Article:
While nationalism remains a vital element in the production of the political and economic landscape, it is often treated as a static container for other processes or neglected altogether. Rather, it must itself be treated as a process—a nationalizing project—emerging from a constellation of often contradictory social forces. One such process of nationalization is the development of large-scale transportation infrastructure, such as railroads. These projects produce both new spheres of circulation and new understandings critical to navigating these novel environments, which together radically transform the relation between people, government, and territory.
In early twentieth century China, the complicated contest over railroad rights produced and was produced by a fractured political economic geography. Understandings of both identity and space remained fragmented, cohering only partially into a singular entity, thus demonstrating the intimate interrelation between state power, political identity, and territories both real and imagined.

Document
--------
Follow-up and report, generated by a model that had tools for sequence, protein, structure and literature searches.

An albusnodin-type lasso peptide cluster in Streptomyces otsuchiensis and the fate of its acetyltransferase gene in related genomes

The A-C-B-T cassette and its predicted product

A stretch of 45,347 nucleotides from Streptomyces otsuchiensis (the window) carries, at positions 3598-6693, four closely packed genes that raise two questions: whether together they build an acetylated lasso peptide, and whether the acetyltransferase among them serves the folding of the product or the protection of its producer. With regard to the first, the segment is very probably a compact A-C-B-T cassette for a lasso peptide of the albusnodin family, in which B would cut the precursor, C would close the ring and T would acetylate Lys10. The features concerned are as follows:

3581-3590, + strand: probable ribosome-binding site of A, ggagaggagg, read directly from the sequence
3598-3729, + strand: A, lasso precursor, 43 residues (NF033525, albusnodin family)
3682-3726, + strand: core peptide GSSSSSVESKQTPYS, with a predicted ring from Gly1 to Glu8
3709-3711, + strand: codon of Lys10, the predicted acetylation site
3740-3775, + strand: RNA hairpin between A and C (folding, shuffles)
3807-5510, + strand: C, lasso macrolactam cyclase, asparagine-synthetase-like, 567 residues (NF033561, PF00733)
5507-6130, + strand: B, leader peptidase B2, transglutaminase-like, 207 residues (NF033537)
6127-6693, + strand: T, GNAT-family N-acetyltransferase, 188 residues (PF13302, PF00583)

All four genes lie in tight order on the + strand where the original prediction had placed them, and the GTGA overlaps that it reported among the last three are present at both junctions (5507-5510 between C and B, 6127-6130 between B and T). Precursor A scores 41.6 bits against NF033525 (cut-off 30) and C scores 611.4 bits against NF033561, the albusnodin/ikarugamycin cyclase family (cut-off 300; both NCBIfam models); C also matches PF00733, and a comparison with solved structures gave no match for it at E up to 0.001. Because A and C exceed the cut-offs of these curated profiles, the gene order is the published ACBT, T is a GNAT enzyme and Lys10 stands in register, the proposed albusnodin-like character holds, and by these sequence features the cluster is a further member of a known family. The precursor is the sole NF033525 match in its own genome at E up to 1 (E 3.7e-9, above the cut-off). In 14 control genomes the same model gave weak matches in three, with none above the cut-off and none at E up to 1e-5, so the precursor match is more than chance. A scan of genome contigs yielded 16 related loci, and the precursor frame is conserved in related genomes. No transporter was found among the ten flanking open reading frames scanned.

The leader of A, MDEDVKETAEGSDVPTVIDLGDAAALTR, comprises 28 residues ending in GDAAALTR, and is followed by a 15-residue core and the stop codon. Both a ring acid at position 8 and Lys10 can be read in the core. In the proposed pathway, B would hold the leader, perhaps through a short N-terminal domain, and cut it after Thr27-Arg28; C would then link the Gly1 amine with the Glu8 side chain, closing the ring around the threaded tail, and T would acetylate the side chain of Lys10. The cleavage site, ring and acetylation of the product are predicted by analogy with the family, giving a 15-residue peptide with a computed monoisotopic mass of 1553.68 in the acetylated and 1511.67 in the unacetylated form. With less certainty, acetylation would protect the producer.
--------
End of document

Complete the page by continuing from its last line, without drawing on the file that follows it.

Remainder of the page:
|Advisor:||Buck, Daniel P.|
|Commitee:||Murphy, Alexander B.|
|School:||University of Oregon|
|Department:||Department of Geography|
|School Location:||United States -- Oregon|
|Source:||MAI 52/04M(E), Masters Abstracts International|
|Subjects:||Asian Studies, Geography, Economic theory, Transportation planning|
|Keywords:||China, Nationalism, Political economy, Railroad|
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